Featured in IQ: 2012 Volume 4 Issue 4
A siphon through Norfork Dam is improving the North Fork and White rivers' trout habitat by sending a constant flow of cooler water downstream.
The 42-inch-diameter pipe moves water from Norfork Lake in Baxter County, Ark., carries it through the dam and down the structure's face, and discharges it into the Norfork tailwater (North Fork River). This cooler flow provides a stable condition for the cold-water fish habitat, which contributes to the area's world-class fishery. The nearly 5-mile-long tailwater to the White River is stocked with brown, rainbow, cutthroat and brook trout that struggle to survive and reproduce when water warms and pools.
Constructing a siphon through the Norfork Dam is part of the White River Minimum Flow Project long pursued by the U.S. Army Corps of Engineers and Arkansas Game and Fish Commission. Norfork Dam provides flood control and produces hydroelectric power. However, because the dam only generates electricity during periods of peak energy use, water doesn't regularly flow through the penstocks and turbines. This ultimately impacts the ability for fish to thrive downstream. Adding a siphon system to the dam ensures that the tailwater is continually fed, even when the generators are unused.
"When there are long periods without electricity generation, the water warms up and we experience trout die off," said Michael Armstrong, Deputy Director of the Arkansas Game and Fish Commission. "The purpose of the siphon is to provide temperature stability and raise the base flow of the North Fork. The steady flow increases the wetted perimeter by about 40 percent—which increases food production and makes for fatter, healthier and happier trout."
Garver designed the intelligent siphon system, which is electronically connected to the dam's hydroelectric power system. When the dam is generating power and moving water downstream, the siphon receives a signal from the powerhouse to shut off. When generation stops, the siphon is automatically turned back on. A programmable logic controller (PLC) automates this process and can open or close the siphon valves as required.
"The siphon draws water through one of three intake valves at varying depths in Norfork Lake," said Garver Project Manager Paul Strickland, PE. "The intake valves are separated by approximately 50 feet and fitted with dissolved oxygen and temperature sensors. This enables the dam operators to monitor and determine which intake valve is providing optimal cold-water conditions. Water is then naturally drawn into the pipe because of differences in water pressure and due to the elevation of the intake valves and discharge valve."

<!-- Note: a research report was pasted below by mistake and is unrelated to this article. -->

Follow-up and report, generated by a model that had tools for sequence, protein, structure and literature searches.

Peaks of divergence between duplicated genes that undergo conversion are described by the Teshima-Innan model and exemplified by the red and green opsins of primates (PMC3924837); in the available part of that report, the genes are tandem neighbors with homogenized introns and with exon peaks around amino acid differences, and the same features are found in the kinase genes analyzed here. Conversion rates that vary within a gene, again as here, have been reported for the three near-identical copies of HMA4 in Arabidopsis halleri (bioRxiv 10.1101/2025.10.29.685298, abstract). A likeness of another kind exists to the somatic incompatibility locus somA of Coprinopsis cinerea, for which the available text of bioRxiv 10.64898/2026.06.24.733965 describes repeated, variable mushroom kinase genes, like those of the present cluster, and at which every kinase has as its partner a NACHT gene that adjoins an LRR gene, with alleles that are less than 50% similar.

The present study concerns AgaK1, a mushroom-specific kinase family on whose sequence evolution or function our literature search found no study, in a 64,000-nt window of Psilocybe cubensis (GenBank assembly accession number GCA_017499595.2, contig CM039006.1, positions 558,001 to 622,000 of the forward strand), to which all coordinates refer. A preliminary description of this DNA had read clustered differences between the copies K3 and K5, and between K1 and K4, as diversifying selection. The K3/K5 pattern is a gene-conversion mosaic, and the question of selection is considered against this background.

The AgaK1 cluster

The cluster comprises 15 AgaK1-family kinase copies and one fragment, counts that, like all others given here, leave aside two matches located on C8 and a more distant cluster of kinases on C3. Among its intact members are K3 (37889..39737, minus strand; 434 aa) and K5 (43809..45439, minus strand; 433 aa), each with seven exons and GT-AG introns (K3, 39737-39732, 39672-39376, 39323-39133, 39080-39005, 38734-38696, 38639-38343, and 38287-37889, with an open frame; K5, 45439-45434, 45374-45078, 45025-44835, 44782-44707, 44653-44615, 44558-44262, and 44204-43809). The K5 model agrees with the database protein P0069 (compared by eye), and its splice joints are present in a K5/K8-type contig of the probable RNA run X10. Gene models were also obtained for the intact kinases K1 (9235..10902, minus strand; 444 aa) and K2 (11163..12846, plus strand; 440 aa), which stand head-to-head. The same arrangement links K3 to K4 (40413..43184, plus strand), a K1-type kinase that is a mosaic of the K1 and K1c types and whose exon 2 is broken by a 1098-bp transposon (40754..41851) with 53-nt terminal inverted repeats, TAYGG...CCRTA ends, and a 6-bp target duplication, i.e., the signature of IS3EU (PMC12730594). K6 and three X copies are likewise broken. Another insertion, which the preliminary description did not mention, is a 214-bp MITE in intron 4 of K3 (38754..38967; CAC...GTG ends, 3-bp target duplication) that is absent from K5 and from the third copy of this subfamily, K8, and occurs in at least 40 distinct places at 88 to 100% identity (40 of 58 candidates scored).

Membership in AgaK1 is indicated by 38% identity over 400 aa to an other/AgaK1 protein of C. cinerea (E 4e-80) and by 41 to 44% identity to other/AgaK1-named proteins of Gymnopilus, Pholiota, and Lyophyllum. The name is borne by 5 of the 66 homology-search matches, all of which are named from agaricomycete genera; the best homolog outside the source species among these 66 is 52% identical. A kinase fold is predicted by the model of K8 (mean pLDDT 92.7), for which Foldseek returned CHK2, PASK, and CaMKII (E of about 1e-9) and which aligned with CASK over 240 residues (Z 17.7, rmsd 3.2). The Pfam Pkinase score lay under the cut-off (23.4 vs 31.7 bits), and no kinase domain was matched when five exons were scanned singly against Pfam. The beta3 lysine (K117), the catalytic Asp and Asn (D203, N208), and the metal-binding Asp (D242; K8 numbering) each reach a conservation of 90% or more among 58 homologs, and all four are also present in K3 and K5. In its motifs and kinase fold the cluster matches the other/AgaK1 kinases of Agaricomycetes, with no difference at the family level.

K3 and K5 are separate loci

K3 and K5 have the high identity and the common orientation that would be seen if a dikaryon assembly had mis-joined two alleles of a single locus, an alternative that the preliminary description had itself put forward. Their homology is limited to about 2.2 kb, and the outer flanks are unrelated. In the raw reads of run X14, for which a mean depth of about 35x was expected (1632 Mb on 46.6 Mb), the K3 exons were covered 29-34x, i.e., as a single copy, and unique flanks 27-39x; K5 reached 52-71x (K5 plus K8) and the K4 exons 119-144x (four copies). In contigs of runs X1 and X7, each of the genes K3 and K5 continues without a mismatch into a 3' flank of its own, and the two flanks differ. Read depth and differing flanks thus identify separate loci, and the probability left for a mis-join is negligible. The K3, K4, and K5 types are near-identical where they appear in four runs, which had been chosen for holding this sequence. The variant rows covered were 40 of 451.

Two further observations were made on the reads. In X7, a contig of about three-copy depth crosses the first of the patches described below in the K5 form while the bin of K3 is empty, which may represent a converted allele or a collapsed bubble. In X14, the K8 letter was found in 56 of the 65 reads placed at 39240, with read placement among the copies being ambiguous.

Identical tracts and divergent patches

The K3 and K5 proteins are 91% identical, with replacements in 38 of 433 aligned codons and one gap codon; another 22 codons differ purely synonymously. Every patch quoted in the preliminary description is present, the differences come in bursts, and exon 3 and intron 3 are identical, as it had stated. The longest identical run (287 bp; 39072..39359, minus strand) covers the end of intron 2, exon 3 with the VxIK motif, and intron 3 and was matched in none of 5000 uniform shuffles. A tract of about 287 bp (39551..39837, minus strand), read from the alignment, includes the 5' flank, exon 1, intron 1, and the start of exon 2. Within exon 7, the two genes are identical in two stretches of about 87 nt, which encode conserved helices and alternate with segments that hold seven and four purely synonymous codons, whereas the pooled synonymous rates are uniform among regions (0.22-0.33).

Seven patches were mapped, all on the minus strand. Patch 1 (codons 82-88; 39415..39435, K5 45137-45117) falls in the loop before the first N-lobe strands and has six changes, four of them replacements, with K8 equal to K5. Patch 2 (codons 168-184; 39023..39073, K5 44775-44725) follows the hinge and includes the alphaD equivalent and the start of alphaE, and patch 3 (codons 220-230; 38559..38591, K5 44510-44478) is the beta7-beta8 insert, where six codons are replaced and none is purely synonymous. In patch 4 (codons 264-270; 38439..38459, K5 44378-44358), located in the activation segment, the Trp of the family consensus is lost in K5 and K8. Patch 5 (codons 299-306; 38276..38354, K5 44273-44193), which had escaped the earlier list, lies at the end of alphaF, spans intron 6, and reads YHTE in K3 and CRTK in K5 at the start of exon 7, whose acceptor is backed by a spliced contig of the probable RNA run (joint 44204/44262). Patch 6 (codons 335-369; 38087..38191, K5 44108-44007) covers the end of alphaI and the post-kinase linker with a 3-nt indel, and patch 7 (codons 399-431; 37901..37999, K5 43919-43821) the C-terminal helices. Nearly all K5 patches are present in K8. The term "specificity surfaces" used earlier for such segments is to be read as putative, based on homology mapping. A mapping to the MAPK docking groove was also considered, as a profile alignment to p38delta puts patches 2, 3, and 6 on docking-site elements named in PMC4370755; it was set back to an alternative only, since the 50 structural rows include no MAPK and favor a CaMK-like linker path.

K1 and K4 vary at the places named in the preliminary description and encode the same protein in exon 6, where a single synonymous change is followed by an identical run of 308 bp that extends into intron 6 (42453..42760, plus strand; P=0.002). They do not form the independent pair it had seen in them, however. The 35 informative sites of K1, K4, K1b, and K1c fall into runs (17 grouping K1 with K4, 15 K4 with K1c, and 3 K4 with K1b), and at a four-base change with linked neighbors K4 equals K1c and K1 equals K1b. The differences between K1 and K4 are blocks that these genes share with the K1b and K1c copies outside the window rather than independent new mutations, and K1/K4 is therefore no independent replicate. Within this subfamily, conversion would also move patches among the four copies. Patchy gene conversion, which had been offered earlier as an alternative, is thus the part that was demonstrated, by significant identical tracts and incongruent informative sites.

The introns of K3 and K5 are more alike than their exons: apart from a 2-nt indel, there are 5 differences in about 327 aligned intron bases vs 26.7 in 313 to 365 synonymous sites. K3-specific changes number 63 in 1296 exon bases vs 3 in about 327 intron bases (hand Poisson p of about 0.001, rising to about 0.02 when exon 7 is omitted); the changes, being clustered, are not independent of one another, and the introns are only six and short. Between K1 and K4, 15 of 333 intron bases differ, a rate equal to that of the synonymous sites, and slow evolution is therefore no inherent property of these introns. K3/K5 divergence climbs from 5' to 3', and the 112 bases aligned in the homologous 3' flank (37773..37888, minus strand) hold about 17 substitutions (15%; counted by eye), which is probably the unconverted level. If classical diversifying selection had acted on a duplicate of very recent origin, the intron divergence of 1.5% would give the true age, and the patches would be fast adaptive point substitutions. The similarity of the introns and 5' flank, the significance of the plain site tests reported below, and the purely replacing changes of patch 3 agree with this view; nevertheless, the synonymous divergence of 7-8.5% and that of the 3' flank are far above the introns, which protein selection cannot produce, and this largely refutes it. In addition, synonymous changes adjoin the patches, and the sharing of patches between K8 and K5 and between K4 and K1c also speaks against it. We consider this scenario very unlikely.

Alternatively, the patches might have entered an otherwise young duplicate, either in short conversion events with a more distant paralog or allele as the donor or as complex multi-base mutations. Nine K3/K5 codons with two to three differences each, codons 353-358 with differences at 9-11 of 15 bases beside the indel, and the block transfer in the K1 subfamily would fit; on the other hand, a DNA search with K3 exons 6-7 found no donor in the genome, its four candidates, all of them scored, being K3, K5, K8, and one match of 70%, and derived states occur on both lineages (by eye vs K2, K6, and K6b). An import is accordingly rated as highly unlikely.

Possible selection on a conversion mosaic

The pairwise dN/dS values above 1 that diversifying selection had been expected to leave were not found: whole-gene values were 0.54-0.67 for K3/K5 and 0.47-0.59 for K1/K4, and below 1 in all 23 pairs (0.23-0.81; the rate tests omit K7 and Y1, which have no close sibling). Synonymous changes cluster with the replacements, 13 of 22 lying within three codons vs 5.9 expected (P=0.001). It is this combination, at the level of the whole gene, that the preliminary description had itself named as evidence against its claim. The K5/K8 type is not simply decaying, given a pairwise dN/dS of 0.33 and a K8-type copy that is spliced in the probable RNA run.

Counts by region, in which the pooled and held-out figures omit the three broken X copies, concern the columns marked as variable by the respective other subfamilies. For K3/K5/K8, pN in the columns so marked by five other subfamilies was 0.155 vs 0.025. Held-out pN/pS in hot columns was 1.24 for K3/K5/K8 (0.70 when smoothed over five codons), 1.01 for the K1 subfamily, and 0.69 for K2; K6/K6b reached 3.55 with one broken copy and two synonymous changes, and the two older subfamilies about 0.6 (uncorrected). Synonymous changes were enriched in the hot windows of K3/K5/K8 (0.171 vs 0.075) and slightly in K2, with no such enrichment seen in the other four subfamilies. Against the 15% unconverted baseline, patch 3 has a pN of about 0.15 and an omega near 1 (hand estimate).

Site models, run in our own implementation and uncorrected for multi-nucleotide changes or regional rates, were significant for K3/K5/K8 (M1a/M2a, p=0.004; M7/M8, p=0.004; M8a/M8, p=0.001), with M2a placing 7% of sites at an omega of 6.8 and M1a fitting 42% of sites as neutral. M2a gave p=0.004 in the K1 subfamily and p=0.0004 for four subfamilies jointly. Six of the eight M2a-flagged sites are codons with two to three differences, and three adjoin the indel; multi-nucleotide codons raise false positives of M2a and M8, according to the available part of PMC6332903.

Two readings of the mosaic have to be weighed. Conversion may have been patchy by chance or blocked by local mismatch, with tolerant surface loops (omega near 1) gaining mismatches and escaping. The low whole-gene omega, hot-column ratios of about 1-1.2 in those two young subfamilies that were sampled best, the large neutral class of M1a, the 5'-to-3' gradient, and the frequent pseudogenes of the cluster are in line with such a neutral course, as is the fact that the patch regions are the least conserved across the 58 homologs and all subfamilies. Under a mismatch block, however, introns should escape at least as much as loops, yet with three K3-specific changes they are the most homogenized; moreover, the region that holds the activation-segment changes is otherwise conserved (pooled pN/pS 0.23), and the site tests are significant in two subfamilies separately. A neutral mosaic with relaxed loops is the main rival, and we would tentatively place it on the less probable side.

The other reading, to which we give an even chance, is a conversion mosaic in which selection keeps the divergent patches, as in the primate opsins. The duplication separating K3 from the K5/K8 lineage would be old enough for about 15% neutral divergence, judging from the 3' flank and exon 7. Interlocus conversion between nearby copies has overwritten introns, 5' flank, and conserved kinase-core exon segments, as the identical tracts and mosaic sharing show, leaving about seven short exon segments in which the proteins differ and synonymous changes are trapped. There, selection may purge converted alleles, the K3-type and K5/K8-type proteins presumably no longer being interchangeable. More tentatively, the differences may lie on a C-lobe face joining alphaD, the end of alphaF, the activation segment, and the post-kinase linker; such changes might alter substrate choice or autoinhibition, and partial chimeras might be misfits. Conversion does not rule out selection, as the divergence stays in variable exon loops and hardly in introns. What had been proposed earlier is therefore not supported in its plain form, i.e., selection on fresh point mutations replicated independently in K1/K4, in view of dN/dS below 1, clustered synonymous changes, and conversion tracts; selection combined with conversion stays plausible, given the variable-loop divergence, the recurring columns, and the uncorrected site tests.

After water follows the pipe through the dam and down a spillway abutment, it is sprayed through a fixed cone valve into a stilling basin at 185 cubic feet per second, which is more than 83,000 gallons per minute.
"The siphon is designed with a valve at the export point to spray water for aeration," Armstrong said. "From late August to early December, the tailwater experiences low oxygen, which can be detrimental to trout, and the aeration afforded by the siphon will help correct that."
During construction, the contractor bored a 45-foot-long hole through the dam to insert the siphon pipe. Due to adjacent structural items, the contractor could only bore a 48-inch-square hole to insert the pipe. After coring six pilot holes, wire ropes were passed through the dam for cutting. The concrete section was then removed by jacking.
Sending cold water through a pipe during summer temperatures can cause differential movement in the pipe. To address thermal expansion and contraction, Garver's design needed to find a way to attach the pipe to the dam face while still allowing it to naturally fluctuate.
"There is one fixed support near the siphon's discharge end, but the rest of the pipe 'floats' along the dam face," said Garver Project Leader John Watkins, PE, SE. "This allows the pipe to expand and contract as the temperature changes so the pipe isn't overstressed."
In October, Garver won the American Society of Civil Engineers/Arkansas Outstanding Engineering Design of the Year Award for the project.
"There have been many challenges with the project, including extreme weather events during construction that ranged from high water to extremely dry conditions," said Project Manager Craig Evans, PE with the U.S. Army Corps of Engineers. "Garver worked hard to provide a design that meets Little Rock District and Arkansas Game and Fish Commission requirements. They were very proactive in resolving the issues that arose."
Providing minimum flows by way of a siphon is helping the trout population and is expected to increase the popularity of the North Fork and White rivers as fishing destinations and bring more revenue to the surrounding areas.
Our previous issue of IQ featured another project at Norfork Dam. Garver worked with Mobley Contractors to install a unique maintenance bulkhead. We've added a video to that online article highlighting the award-winning project.